Battle for Aleppo How Syria Became the New Global War
Part 4: The Shiite Jihad
The official explanation for Russia's involvement in Syria remains to fight international terrorism, not prop up the Assad regime. Unofficially, though, Russian politicians own up to the real goal: achieving geo-political parity with the US. Assad's political survival is merely a means to that much larger end. He is the only political actor who can preserve Russian influence in the region. Should he topple, Russia would have to bid farewell to its dream of wielding influence over the Middle East and the Mediterranean from its military bases in Tartus and Latakia.
Leonid Asayev, an expert on the region at the Moscow Higher School of Economics, has warned that Russia is increasingly taking sides with the Syrian regime and could be made liable for the crimes Assad is committing. He says that Assad is masterfully playing Russia off against the US.
When Russia entered the conflict a year ago, Moscow said the intervention would last but "a few months." Now, the Kremlin is openly saying that Russia will have an extended presence in Syria.
In the last 12 months, Russia's air force has flown 13,000 attacks in Syria and Moscow has spent 58 billion rubles on the conflict, or around 830 million euros -- according to calculations made by Russia observers on the strength of official data. Yet Moscow has not been able to boost Assad's troops to victory over the rebels. This would have given Assad the ability to dictate his conditions for a political settlement. But Russian military leaders say that the military capabilities of Assad's forces are far too limited. Indeed, from the very beginning, the former argued for a much more significant intervention in Syria. But if Russia had begun suffering heavy casualties, it would have been difficult to assuage the Russian population.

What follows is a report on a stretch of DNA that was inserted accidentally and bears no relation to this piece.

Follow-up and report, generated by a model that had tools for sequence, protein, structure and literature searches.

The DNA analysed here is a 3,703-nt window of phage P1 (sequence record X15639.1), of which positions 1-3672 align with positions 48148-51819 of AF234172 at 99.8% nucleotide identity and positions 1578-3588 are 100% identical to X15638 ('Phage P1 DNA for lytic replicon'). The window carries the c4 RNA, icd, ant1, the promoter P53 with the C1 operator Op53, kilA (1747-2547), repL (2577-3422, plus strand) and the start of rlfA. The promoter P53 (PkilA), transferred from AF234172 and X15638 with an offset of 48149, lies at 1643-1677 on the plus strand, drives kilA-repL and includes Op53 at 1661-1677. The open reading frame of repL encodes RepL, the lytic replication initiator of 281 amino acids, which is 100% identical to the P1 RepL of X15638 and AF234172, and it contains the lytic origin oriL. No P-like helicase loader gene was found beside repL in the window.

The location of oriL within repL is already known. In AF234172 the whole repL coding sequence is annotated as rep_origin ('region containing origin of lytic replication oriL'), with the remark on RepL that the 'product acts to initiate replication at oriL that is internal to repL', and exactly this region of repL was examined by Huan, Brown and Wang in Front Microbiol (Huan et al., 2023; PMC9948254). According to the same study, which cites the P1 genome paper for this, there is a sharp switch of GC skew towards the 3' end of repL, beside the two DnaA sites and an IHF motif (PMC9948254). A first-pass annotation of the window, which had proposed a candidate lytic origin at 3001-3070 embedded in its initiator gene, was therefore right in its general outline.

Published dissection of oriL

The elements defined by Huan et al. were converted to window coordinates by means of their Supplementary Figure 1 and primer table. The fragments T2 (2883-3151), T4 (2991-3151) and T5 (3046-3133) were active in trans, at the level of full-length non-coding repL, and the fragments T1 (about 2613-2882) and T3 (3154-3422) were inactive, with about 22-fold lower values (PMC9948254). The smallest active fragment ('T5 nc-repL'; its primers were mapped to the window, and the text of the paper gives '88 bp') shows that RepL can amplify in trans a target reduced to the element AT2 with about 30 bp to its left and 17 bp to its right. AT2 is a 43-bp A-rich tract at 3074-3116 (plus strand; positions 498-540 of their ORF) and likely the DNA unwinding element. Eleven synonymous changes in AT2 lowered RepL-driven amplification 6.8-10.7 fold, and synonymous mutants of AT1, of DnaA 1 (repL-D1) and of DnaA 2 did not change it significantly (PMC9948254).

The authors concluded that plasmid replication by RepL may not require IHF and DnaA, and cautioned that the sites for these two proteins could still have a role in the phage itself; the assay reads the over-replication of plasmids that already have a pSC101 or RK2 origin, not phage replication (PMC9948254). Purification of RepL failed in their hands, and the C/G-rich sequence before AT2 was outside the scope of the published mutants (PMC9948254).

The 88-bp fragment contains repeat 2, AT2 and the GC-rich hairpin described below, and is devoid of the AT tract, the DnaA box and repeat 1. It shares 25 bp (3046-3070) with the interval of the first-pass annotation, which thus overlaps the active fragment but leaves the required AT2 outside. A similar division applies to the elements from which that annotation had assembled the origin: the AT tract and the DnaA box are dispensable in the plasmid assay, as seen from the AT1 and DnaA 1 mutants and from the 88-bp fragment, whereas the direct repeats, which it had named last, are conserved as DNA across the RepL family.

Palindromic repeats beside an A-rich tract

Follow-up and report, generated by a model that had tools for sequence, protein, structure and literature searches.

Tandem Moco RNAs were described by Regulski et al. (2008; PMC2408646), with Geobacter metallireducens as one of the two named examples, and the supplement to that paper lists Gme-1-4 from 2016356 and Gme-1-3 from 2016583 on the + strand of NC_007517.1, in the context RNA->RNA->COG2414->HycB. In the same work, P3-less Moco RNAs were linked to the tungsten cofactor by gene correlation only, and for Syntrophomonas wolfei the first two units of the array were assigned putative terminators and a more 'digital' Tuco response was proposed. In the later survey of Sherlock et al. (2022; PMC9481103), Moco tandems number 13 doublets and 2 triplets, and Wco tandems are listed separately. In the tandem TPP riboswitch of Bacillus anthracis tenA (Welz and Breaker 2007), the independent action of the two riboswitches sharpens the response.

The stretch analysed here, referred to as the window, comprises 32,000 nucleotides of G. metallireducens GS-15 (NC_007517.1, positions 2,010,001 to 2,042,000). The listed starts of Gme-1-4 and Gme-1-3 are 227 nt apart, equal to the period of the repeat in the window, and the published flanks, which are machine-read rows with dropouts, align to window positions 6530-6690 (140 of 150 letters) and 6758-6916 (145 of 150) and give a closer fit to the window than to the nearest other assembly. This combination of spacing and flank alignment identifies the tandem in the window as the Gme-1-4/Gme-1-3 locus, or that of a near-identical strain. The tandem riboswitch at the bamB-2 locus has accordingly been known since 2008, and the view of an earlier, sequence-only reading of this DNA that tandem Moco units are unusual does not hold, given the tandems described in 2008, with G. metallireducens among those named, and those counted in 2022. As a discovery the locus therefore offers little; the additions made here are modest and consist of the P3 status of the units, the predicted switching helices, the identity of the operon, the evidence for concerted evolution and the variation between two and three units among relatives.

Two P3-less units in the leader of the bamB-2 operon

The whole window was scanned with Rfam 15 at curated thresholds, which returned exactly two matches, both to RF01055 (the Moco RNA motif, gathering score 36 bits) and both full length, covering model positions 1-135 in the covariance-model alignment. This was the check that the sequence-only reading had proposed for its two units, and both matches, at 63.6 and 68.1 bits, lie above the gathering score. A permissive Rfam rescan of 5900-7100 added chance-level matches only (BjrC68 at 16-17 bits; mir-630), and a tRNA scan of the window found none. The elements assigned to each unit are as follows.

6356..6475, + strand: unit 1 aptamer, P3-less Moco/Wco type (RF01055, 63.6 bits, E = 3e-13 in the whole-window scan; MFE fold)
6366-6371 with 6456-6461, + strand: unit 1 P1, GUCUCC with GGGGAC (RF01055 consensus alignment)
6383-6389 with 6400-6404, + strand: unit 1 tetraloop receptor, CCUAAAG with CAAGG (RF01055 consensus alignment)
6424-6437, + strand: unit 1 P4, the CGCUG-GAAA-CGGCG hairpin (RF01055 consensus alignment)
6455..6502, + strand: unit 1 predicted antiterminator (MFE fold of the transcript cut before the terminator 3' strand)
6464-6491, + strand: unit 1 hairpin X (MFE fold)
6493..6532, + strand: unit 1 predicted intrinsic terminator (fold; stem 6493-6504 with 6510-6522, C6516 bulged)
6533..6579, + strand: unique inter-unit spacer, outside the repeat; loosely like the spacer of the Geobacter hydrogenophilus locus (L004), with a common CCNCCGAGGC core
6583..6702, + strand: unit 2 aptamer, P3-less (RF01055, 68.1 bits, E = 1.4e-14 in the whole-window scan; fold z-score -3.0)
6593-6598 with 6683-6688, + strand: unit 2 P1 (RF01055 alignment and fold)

Putin's Shady Strategy
That helps explain why Russia is relying on an instrument in Syria that has only been developed by the Kremlin in the last several years: private military firms in the model of Blackwater, the private US company that was heavily involved in the war in Iraq. Moscow has deployed its mercenary units as ground forces to spare its regular troops from the risk. "What we do there? We are the first wave attack," wrote one of the men on the Saint Petersburg Internet portal Fontanka.ru. "Syrian special forces courageously follow us before they are immediately interviewed by Russian state television." The general public in Russia is told virtually nothing about the deployment of the Russian mercenaries and it is unknown exactly how many of them are active in Syria.
Now, Moscow is preparing for the US to implement plan B and perhaps begin attacking Syrian government troops directly. That would leave the Kremlin with no other choice than to increase its military support of Damascus.